Prominent Lawyers Prosecuting Ken Paxton Impeachment Case Describe Evidence as “Strong as Horseradish”

Houston lawyers Dick DeGuerin and Rusty Hardin, selected to prosecute the impeachment case against Texas Attorney General Ken Paxton, revealed in an interview that the evidence against Paxton is more damning than anticipated. Speaking on the Y’all-itics podcast, they stated that the facts surrounding the case are worse than previously known. House Speaker Dade Phelan and State Rep. Andrew Murr reached out to DeGuerin and Hardin shortly after the impeachment vote, emphasizing the seriousness of the situation. The lawyers expressed their commitment to the case, emphasizing that Paxton’s conduct poses a threat to the justice system. While federal authorities have been in communication with the committee, Paxton maintains that the allegations against him can be easily disproven. Convincing the jury of 31 senators, who are politicians with voter bases to consider, is expected to be a challenging task for even seasoned attorneys.

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The latest on the Ken Paxton impeachment is that his trial is scheduled to begin on September 5, 2023 in the Texas Senate. The Senate will act as a jury and decide whether to remove Paxton from office. Paxton has been accused of 20 counts of official misconduct, including abuse of office, bribery, and securities fraud. He has denied all of the charges.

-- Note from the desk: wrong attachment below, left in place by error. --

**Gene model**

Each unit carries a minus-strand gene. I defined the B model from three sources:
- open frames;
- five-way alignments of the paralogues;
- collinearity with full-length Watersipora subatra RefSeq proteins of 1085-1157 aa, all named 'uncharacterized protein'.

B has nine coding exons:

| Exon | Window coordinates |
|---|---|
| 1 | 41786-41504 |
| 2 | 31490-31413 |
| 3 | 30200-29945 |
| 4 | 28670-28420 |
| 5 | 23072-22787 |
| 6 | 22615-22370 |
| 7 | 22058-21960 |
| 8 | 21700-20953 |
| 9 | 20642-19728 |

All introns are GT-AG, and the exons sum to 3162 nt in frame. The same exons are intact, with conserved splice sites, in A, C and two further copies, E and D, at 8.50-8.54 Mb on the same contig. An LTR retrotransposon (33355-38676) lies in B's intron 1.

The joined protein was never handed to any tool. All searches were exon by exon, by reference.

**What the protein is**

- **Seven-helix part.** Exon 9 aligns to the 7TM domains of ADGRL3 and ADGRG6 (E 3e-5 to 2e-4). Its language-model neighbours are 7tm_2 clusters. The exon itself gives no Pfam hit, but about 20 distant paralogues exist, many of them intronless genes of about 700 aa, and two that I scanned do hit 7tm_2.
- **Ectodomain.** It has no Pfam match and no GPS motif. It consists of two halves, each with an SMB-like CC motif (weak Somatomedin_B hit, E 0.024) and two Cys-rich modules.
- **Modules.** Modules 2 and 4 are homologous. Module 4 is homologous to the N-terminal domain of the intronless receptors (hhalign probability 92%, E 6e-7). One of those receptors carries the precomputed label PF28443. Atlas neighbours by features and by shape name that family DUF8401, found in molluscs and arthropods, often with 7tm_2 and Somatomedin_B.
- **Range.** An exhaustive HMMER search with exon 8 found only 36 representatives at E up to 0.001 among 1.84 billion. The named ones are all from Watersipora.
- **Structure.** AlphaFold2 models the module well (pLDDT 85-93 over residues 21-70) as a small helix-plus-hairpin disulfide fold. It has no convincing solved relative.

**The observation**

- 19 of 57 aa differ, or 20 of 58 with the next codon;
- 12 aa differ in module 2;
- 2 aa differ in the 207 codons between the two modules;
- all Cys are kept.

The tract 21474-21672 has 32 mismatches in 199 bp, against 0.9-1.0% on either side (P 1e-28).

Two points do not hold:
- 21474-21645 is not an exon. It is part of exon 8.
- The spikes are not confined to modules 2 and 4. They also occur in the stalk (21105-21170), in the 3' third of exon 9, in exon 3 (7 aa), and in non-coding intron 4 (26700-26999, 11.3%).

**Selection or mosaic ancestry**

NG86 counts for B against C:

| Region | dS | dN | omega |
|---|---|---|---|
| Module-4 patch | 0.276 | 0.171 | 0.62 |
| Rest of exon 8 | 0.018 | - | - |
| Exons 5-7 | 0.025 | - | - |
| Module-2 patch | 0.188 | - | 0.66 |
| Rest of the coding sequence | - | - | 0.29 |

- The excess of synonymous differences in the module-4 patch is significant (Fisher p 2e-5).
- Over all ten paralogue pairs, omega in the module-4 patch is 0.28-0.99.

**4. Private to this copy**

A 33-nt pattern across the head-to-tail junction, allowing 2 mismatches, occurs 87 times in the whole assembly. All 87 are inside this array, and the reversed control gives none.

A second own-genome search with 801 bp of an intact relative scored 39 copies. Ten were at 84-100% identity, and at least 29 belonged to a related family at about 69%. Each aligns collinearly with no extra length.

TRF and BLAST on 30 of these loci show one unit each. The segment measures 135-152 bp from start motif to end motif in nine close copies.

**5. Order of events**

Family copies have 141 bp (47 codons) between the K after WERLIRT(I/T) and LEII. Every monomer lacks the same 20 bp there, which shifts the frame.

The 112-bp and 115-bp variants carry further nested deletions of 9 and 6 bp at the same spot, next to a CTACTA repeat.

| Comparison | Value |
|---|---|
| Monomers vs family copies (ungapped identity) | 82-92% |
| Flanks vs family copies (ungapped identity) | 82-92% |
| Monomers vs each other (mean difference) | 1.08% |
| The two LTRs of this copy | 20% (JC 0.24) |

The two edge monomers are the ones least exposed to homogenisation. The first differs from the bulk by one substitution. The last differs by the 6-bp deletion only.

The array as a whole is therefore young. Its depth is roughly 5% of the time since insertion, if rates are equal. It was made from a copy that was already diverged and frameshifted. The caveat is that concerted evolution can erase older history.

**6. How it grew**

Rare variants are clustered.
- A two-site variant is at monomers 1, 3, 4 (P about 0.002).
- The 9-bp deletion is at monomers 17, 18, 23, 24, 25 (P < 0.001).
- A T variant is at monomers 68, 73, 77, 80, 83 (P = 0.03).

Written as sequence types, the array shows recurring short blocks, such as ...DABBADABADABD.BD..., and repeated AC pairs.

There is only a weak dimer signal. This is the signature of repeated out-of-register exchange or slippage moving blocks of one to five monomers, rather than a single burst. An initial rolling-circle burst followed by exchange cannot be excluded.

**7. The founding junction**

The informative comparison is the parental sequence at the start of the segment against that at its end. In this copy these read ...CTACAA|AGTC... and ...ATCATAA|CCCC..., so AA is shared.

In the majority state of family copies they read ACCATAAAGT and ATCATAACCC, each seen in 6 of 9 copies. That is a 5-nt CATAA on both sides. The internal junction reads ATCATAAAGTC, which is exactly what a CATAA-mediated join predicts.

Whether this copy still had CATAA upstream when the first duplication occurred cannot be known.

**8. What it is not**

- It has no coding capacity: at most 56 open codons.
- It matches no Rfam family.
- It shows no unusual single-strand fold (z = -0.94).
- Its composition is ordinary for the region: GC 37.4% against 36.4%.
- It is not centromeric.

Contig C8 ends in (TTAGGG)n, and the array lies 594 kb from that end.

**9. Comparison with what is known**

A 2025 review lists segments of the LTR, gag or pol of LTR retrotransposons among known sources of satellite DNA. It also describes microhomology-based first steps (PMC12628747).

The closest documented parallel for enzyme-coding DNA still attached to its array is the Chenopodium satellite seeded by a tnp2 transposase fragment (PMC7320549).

The trial will be presided over by Lieutenant Governor Dan Patrick, a Republican who is seen as a Paxton ally. Patrick has said that he expects the trial to last about two weeks.

Paxton’s impeachment is the first time in Texas history that a sitting attorney general has been impeached. It is also the first time that a Republican has been impeached by the Texas House of Representatives.

The outcome of the trial is uncertain. Paxton has the support of most Republicans in the Texas Senate, but he will need at least 19 votes to avoid being removed from office. If he is removed, he would be the first Texas attorney general to be impeached and removed from office.

Here are some other recent developments in the case:

  • On June 20, the Texas Senate passed rules for the impeachment trial. The rules allow Paxton’s wife, Senator Angela Paxton, to attend the trial but not to vote or deliberate with her colleagues.
  • On June 22, the FBI raided the home of Nate Paul, a real estate developer who is a key figure in the impeachment case. Paul has been accused of bribing Paxton and using his influence to get favorable treatment from the attorney general’s office.
  • On July 1, Paxton filed a lawsuit challenging the impeachment rules. He argues that the rules are unfair and that they violate his right to due process.

The impeachment trial is expected to be closely watched by legal experts and political observers. It will be a test of the power of impeachment in Texas and of Paxton’s ability to maintain his political career.

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